5 Soil and Foliar Applied Herbicides Hormone (auxin)-type herbicides How they work: Affect growth in the newest stems and leaves by affecting protein synthesis and normal cell division. Examples: 2,4-D, 2,4-DB, dicamba (Banvel, Clarity), picloram (Tordon), triclopyr (Garlon), triclopyr + 2,4-D (Crossbow), clopyralid (Stinger), MCPA Stunted, malformed seedlings. On older plants, new growth is twisted or malformed. Calluses may form on the stem, and plant may lean and become brittle. Grass plants exhibit leaf rolling ( onion leafing ). Drift, tank contamination, and direct injury are common with most hormone-type herbicides. Carryover injury is possible with picloram but unlikely with the others listed, except in extreme cases of misapplication. Fasciated Brace Roots Leaning Corn 5

6 ALS enzyme inhibitors How they work: Normal function of the acetolactate synthase (ALS) enzyme is blocked, inhibiting plant metabolism and cell division (mitosis). Examples: imazethapyr (Pursuit), chlorimuron (Classic), imazaquin (Scepter), nicosulfuron (Accent), thifensulfuron (Pinnacle), primisulfuron (Beacon), chlorsulfuron (Glean), flumetsulam (Broadstrike), cloransulam (FirstRate), halosulfuron (Permit), primisulfuron + prosulfuron (Exceed), rimsulfuron + thifensulfuron (Basis) When applied to the soil, roots often exhibit bottle brush growth (unbranched, stubby), resulting in purple stems and leaves, along with overall plant stunting. A soil or foliar application may stop plant growth. Leaf tissue becomes light yellow from the outer edge of the leaf in toward the veins, while veins turn light to dark purple. Carryover injury is possible and depends on soil ph and the environmental conditions governing rate of breakdown in the soil. Overlaps and misapplication can also cause carryover injury. Some corn hybrids and soybean varieties are more sensitive than others and may show stunting from direct applications. Drift and tank contamination injury is possible. ALS-Darkened Veins on Underside of Soybean Leaf Imazaquin Carryover Chlorotic Soybean Leaves 6

7 Foliar Applied Herbicides Meristematic (Lipid) inhibitors How they work: Block formation of lipids in the shoot (meristem) and roots of grass plants. Examples: sethoxydim (Poast), fluazifop (Fusilade), quizalofop (Assure), fenoxaprop (Option), diclofop (Hoelon), fluazifop + fenoxaprop (Fusion), clethodim (Select) Symptoms are slow to develop. Plants become stunted when new plant growth is stopped; the growing point of the plant disintegrates and dies first. Necrotic Meristem Carryover is not likely at normal application rates. Tank contamination and drift injury can affect sensitive species. Direct injury to a crop is most likely to be caused by oils and adjuvants used in combination with these herbicides. Membrane disrupters How they work: Disrupt internal cell membranes, and keep the cell from manufacturing energy. Examples: acifluorfen (Blazer), lactofen (Cobra), fomesafen (Reflex, Flexstar) flumiclorac-pentyl (Resource). Water spots develop where herbicide contacts leaf tissue. Spots lose color and tissue dies; if sufficient plant tissue is affected, the plant wilts and dies. Carryover injury is not likely, but drift injury can occur from applications made under windy conditions. Direct injury can occasionally be serious if misapplication takes place or the crop is under stress. Contact Injury Lactofen 7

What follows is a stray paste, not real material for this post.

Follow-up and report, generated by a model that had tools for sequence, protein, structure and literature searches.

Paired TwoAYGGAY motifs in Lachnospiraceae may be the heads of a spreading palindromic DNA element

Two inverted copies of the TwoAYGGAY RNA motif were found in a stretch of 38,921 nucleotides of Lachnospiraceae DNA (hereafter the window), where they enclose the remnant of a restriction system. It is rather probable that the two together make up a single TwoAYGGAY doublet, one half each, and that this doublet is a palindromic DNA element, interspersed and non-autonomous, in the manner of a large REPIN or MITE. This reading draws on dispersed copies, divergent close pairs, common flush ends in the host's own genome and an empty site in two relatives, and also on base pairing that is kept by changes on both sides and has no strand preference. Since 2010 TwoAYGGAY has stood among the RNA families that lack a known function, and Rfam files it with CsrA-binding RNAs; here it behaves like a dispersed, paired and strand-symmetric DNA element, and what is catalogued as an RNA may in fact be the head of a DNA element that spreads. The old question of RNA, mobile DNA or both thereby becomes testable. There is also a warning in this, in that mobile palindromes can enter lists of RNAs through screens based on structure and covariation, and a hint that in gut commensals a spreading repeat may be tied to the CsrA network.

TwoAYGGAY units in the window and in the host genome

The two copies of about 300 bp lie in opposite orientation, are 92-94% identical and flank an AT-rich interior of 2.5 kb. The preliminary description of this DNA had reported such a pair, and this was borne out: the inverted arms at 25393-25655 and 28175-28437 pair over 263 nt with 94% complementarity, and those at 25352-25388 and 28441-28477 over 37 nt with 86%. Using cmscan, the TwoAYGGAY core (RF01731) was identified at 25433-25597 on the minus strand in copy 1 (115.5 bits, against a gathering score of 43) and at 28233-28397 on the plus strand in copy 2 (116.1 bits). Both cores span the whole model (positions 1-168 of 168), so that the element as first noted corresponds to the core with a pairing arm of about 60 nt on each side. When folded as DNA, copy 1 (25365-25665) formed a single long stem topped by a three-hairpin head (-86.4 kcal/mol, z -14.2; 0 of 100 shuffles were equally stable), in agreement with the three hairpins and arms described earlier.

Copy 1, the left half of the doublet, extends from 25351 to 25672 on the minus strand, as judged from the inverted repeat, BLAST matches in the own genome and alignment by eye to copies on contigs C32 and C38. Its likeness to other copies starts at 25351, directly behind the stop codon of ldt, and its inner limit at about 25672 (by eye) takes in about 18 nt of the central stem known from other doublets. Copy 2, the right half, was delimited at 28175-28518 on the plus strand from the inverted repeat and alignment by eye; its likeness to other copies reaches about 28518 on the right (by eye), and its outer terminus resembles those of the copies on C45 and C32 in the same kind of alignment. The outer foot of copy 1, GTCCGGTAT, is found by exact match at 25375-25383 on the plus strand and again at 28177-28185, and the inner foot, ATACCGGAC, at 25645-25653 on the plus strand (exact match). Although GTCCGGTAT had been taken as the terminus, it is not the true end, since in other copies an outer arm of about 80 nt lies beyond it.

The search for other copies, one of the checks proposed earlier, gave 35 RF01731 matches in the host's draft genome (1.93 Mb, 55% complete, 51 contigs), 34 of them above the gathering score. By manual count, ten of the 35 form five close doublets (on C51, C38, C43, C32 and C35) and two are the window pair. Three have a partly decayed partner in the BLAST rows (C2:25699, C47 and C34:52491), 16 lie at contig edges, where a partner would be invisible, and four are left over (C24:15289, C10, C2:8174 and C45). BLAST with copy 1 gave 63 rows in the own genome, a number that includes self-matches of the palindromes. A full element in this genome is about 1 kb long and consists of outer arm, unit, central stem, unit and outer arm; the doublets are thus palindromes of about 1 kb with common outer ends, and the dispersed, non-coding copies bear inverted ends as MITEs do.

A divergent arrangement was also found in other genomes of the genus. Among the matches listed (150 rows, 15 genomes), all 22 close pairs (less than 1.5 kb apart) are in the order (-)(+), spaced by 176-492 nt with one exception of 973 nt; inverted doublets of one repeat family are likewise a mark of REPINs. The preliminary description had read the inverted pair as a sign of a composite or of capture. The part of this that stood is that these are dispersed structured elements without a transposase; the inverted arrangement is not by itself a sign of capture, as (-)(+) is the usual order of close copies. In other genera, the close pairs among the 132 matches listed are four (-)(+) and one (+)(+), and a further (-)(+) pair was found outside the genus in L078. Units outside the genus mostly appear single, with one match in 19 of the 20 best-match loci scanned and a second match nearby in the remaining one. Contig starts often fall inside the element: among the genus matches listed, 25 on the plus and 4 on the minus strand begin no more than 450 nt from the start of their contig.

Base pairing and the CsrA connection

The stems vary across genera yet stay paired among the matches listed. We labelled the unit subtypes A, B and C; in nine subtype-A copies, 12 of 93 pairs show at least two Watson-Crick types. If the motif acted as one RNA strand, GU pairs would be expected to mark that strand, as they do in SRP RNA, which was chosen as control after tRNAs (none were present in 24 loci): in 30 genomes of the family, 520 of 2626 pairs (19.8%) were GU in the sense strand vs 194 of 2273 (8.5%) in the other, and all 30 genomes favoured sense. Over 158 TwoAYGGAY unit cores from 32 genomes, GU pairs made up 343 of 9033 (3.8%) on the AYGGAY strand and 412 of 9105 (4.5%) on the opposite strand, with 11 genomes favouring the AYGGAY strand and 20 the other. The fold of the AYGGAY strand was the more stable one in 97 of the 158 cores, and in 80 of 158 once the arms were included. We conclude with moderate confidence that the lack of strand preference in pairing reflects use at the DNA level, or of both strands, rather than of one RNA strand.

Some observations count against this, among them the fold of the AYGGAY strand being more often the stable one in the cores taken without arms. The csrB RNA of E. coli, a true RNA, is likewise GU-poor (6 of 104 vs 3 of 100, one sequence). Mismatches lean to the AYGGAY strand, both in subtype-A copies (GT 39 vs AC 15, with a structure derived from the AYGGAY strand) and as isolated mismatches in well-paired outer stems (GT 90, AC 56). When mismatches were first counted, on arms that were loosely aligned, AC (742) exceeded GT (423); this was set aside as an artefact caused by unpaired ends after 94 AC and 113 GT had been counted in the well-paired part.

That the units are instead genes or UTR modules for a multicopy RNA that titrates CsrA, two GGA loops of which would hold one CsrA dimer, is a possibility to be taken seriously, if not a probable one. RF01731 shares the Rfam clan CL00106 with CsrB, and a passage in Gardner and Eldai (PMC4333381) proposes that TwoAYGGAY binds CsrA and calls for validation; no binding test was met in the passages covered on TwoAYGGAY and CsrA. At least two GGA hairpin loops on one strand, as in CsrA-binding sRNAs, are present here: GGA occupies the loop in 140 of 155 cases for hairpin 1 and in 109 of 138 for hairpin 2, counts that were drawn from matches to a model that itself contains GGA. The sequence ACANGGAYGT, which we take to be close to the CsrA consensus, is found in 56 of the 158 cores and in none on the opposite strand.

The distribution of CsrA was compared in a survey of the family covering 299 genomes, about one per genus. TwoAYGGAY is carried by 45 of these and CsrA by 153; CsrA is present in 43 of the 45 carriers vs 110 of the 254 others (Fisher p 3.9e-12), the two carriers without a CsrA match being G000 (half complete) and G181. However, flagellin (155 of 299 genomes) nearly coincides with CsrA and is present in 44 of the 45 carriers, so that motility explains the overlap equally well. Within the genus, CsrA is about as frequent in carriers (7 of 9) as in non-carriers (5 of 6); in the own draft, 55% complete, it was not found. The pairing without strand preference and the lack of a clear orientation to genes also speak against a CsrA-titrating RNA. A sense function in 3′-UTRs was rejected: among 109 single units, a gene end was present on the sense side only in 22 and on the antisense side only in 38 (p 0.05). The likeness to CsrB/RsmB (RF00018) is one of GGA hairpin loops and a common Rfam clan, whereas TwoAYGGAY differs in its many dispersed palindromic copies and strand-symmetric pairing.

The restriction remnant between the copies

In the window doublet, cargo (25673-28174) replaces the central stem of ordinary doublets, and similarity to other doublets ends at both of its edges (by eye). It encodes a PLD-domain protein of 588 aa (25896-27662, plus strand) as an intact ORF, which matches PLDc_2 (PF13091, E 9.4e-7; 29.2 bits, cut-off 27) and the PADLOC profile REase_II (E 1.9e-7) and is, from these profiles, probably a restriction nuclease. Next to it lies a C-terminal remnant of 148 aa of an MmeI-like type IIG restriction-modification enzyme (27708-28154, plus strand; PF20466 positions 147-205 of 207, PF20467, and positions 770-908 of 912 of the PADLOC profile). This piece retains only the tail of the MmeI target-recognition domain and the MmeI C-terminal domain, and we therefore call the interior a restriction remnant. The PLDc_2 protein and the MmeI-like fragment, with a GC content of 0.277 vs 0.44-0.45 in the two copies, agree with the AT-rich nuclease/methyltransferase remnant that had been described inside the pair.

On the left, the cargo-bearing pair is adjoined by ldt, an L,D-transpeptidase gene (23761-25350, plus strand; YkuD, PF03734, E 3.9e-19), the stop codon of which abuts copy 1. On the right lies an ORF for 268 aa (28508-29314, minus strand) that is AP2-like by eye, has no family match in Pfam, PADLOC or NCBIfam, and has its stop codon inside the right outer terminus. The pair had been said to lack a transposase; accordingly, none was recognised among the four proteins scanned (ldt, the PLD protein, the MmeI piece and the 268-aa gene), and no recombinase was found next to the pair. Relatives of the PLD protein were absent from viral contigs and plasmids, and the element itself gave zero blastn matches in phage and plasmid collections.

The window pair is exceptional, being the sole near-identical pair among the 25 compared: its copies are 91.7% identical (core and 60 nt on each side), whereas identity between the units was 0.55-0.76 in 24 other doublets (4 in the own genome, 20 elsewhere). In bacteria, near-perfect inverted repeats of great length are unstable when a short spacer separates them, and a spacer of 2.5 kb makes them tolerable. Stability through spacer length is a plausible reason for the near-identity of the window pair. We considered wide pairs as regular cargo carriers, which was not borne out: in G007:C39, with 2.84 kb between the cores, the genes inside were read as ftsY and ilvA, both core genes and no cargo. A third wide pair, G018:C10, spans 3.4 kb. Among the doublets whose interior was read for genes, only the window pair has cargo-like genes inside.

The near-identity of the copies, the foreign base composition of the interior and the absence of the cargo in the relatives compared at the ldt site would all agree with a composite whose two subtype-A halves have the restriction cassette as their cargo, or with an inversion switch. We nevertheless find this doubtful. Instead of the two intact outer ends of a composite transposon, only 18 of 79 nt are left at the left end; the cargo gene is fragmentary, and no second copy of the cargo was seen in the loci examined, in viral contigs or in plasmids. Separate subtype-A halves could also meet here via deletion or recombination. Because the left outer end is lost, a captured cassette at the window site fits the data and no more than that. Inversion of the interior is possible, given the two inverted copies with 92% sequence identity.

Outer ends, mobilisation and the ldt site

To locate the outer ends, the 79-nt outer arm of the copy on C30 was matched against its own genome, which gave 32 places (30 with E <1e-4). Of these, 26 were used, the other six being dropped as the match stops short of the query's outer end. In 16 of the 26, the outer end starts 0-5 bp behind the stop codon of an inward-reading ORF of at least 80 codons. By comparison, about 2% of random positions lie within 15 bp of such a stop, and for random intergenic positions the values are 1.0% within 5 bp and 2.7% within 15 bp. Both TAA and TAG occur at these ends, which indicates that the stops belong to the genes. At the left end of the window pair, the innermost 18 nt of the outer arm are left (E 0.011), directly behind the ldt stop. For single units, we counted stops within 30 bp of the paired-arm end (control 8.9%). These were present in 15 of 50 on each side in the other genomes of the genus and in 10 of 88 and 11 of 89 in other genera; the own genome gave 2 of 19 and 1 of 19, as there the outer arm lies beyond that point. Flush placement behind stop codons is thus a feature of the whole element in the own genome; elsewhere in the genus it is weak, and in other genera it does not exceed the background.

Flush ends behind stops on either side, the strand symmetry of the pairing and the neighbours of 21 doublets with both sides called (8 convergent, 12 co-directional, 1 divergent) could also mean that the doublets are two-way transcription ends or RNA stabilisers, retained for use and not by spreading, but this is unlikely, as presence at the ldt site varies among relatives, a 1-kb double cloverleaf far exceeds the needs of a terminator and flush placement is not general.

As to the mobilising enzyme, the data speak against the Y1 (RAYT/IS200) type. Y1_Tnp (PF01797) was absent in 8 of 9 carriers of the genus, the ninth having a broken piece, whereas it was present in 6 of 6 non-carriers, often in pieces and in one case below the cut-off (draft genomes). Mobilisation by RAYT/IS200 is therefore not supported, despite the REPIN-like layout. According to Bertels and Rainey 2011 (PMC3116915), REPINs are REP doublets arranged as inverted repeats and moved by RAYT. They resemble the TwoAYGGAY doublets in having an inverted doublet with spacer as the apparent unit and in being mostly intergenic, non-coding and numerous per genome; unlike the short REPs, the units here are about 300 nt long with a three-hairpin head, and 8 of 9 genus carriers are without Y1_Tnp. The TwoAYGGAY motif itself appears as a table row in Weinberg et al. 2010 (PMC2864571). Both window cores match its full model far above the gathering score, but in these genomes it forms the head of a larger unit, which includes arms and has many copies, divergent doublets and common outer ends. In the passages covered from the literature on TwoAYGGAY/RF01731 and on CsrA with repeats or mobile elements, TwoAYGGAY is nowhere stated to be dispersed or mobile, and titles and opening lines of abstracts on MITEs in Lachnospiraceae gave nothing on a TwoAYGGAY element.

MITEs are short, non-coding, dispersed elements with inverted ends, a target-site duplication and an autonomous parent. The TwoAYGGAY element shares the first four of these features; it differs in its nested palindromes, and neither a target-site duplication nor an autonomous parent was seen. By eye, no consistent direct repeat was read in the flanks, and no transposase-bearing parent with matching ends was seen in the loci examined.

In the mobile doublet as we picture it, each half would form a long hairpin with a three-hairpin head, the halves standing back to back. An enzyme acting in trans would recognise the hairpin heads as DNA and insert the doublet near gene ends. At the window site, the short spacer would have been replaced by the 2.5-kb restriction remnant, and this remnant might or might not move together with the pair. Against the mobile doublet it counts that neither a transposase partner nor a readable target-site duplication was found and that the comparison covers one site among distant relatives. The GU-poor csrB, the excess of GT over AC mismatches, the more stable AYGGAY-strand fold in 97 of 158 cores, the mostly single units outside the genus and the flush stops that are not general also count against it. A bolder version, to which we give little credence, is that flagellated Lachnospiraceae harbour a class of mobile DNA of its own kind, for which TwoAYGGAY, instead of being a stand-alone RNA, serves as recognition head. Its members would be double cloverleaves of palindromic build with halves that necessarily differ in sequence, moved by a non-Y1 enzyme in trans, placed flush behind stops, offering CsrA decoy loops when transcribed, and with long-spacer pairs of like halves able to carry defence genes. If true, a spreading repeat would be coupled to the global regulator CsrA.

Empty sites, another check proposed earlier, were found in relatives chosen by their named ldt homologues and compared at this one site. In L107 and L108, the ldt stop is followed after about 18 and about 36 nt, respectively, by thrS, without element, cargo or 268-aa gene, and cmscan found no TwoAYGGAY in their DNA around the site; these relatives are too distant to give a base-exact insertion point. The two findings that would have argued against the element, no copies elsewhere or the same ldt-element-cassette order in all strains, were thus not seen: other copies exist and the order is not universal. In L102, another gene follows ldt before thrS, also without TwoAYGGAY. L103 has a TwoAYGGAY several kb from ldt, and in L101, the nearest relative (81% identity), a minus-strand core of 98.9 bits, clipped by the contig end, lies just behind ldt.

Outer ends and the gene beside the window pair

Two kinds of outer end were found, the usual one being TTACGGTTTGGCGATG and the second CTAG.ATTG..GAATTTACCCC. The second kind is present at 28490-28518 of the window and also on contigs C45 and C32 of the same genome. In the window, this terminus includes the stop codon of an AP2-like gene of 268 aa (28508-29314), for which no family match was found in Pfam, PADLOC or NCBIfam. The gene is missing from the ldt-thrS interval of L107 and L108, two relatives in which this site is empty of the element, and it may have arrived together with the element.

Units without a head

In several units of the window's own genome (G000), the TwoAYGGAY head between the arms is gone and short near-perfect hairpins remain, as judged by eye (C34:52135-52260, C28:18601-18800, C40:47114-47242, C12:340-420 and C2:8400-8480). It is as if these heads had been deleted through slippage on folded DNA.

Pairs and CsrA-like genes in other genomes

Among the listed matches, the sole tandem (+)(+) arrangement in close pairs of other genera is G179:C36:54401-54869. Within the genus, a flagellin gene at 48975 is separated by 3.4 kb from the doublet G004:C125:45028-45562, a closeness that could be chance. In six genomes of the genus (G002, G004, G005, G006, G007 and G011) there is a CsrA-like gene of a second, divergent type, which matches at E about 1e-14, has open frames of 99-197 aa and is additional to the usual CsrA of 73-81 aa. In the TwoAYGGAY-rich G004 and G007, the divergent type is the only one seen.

8 Photosynthetic inhibitors (nonmobile within plant) How they work: Block the photosynthetic reaction, and disrupt cellular membranes so that captured light cannot be converted to chemical energy. Examples: bentazon (Basagran), bromoxynil (Buctril), paraquat (Gramoxone Extra), pyridate (Tough) Foliar applied herbicides penetrate leaves, then move a little within the leaf so that the tissue surrounding spray droplets loses color and dies. Plant becomes stunted and may die if sufficient leaf tissue is affected. Carryover is unlikely and drift injury is limited to droplets from nearby applications. Crops show good tolerance to these herbicides, but injury may be increased by the addition of spray additives. Necrosis of Corn Leaves Exposed to Spray Necrotic Leaf Burn Produced by the University of Illinois with funding provided by the National Agricultural Pesticide Impact Assessment Program Photos in this publication include contributions from Dr. William Curran at Pennsylvania State University and staff at the University of Illinois and Purdue University To obtain more information contact David Pike U of I, Cooperative Extension The Illinois Cooperative Extension Service provides equal opportunities in programs and employment. The use of trade names in this report does not constitute an endorsement of any product or manufacturer. 8

9 VISTA knowledge when you need it You have reached the end of this publication. If you would like to review the document, click on the,, or buttons. To return to the main list of publication categories, click on the button to the right. 3 publication categories